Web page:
By Lisandra Paraguassu
LOS ANGELES (Reuters) -Brazil and the United States should forge closer ties after the two countries drifted apart for ideological reasons, Brazil’s far-right President Jair Bolsonaro said on Thursday at a first official meeting with his U.S. counterpart Joe Biden.
The hastily arranged meeting between the two came together after Biden reached out to Bolsonaro, a populist and admirer of ex-president Donald Trump, as Washington sought to shore up attendance at a summit roiled by a partial boycott.
The two leaders sat in armchairs set slightly apart as reporters entered the room, and appeared to avoid eye contact while listening to each other via translators during their meeting at the Summit of the Americas in Los Angeles.
“We have a huge interest in getting closer and closer to the U.S.,” said Bolsonaro, who like Biden, largely looked ahead as his fellow leader was speaking.
“At times, we’ve distanced ourselves due to issues of ideology. But I’m sure that since our arrival in the Brazilian government we’ve never had greater opportunities because of the affinities that our governments have,” Bolsonaro said.
A White House summary issued after the meeting said the two leaders agreed to work together on preventing further deforestation of the Amazon.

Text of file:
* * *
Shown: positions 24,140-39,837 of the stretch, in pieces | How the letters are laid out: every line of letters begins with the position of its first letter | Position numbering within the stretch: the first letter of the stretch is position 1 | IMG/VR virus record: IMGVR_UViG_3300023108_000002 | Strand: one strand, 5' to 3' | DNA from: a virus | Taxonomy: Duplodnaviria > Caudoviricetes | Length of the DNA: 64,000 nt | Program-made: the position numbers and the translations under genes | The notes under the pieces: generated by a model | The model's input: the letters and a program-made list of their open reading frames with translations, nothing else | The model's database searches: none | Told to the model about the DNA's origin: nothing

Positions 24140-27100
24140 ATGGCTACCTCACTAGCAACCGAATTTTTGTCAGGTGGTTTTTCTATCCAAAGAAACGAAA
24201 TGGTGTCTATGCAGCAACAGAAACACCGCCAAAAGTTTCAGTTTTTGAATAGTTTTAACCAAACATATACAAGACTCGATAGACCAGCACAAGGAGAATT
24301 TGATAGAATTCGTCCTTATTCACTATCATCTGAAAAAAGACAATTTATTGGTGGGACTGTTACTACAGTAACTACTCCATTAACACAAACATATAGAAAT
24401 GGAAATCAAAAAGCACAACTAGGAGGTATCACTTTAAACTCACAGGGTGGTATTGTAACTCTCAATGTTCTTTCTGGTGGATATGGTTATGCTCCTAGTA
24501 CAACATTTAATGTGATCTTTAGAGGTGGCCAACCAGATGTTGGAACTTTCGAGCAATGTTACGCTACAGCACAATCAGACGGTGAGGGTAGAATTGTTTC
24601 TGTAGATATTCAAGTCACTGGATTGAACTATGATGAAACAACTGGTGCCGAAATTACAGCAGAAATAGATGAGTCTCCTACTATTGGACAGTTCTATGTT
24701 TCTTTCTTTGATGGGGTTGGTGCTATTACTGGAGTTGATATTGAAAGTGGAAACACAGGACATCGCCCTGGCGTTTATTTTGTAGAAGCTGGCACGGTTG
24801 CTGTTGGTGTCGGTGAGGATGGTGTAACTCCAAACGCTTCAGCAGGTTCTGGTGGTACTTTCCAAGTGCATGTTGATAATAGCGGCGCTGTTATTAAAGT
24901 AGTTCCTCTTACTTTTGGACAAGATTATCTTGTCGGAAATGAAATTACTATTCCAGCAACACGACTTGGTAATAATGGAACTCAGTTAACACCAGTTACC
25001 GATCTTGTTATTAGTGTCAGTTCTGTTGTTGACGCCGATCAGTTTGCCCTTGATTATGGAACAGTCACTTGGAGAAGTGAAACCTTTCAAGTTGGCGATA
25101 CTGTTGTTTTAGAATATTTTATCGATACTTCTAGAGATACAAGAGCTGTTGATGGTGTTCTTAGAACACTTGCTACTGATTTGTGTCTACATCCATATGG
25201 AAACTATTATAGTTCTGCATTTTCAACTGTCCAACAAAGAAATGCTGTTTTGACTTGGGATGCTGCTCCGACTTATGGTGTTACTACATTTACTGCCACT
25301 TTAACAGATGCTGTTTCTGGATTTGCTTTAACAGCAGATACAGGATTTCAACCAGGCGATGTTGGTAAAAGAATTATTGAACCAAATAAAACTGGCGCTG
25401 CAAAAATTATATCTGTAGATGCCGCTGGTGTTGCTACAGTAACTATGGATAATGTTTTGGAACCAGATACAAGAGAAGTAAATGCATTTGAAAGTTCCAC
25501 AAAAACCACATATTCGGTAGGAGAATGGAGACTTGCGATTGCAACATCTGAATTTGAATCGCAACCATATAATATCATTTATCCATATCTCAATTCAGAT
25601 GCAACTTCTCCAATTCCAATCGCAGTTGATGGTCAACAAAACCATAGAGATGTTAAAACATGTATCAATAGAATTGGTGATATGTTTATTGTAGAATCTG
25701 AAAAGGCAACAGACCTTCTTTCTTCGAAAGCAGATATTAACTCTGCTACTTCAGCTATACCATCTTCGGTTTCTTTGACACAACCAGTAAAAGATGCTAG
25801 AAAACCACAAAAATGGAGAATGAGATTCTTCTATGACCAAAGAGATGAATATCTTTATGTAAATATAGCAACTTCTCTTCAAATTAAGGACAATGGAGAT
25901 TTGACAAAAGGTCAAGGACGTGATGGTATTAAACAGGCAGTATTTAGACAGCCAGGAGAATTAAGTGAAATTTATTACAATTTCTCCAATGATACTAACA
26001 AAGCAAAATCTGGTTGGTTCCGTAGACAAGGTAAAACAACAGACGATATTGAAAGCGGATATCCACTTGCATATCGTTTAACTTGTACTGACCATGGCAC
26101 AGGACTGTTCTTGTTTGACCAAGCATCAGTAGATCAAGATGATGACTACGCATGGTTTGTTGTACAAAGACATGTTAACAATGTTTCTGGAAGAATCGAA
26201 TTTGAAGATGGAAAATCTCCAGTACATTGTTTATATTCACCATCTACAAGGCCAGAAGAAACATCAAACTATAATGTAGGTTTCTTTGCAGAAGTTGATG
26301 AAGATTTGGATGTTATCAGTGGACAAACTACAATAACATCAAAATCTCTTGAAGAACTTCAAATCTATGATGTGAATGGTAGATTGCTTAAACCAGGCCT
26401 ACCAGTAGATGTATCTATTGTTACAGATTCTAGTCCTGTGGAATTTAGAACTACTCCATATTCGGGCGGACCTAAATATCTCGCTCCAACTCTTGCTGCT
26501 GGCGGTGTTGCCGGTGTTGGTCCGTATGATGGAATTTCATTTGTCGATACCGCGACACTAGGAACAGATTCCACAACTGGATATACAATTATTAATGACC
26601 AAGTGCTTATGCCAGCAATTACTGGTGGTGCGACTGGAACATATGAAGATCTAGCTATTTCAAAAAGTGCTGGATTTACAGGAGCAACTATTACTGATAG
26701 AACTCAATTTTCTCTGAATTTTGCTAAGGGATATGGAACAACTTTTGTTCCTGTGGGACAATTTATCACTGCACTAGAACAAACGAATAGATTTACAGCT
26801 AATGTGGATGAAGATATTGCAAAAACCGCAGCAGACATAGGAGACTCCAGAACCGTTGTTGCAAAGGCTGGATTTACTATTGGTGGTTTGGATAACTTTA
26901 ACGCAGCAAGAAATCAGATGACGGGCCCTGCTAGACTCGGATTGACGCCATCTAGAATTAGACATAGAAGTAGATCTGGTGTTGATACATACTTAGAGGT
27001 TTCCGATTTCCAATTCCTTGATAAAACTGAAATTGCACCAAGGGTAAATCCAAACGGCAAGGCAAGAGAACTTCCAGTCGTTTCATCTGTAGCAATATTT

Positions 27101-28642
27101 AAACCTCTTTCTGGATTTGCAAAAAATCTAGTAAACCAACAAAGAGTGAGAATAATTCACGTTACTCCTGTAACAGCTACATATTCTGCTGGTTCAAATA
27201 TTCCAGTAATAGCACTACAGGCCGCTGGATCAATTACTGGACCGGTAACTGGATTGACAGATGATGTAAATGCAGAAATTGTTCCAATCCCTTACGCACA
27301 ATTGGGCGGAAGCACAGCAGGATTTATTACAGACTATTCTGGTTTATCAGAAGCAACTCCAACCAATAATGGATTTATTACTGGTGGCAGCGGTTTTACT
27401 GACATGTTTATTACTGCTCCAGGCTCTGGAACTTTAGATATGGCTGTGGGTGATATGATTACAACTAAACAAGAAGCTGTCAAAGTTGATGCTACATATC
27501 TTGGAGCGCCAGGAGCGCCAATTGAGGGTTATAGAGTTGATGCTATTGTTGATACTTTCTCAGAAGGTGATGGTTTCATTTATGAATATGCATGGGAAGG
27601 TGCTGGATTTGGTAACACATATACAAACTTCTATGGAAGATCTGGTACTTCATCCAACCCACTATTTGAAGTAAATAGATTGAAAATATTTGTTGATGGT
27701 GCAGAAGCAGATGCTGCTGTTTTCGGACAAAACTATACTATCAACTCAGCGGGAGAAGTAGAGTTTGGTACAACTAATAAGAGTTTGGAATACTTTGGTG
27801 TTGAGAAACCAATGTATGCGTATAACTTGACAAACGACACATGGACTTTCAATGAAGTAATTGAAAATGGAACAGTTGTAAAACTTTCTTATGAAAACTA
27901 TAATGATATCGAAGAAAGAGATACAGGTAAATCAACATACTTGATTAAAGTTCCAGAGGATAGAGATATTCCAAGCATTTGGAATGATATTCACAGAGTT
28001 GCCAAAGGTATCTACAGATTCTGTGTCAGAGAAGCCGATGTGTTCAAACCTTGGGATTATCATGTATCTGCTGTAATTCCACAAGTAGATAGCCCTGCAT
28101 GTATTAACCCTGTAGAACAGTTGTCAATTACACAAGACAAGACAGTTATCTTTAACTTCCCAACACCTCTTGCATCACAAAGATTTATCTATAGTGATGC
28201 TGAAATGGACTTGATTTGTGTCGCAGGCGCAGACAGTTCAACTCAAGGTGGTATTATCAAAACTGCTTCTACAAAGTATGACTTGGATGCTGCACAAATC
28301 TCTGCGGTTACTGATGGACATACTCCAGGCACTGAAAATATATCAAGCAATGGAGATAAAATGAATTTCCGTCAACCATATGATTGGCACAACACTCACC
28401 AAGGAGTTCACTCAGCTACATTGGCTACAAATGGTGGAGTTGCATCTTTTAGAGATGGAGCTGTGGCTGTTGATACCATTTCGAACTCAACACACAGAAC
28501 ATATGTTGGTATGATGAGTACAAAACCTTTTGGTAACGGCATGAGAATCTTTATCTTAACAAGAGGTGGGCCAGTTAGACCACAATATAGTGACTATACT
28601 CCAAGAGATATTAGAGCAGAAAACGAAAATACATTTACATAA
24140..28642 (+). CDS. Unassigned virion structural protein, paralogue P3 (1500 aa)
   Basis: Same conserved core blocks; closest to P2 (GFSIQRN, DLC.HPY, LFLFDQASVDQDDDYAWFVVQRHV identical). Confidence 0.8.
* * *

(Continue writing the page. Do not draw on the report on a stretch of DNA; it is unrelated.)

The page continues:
Questions over the merits of the meeting intensified after Bolsonaro on Tuesday again praised Trump, and called Biden’s election “suspicious” in an echo of Trump’s baseless allegations.
Biden has sought to use the regional summit to repair Trump-era damage to U.S. ties with Latin America, and to counter China’s growing clout in the region.
However, his decision to exclude U.S. antagonists Cuba, Nicaragua and Venezuela on the grounds they are not democratic, sparked a vigorous pushback and partial boycott from some Latin American allies of the three self-styled leftist governments.
For Bolsonaro, meanwhile, the meeting was an opportunity to boost his image as he heads into a tough re-election campaign.
Beyond backing Trump, the former army captain has also raised doubts about Brazil’s voting system, calling it liable to fraud without providing evidence.
His attempts to discredit the elections in October have raised fears he might not accept defeat. Senior Biden administration officials have urged Bolsonaro not to undermine confidence in the electoral process.
However, during the meeting Bolsonaro appeared to suggest he would accept the outcome of the Brazil election.
“I was elected by democracy and I am sure that when I leave the government, it will also be in a democratic way,” he said.
Bolsonaro also proposed working with Washington to craft a solution to what he called the Russia and Ukraine “episode”, referring to Moscow’s invasion of its neighbor.
The two leaders agreed to “coordinate closely” at the United Nations Security Council over the Ukraine crisis, according to the White House summary, but it offered no details.
(Reporting by Lisandra Paraguassu; additional reporting by Trevor Hunnicutt and Matt Spetalnick; Writing by Humeyra Pamuk; Editing by Dave Graham, Stephen Coates and Richard Pullin)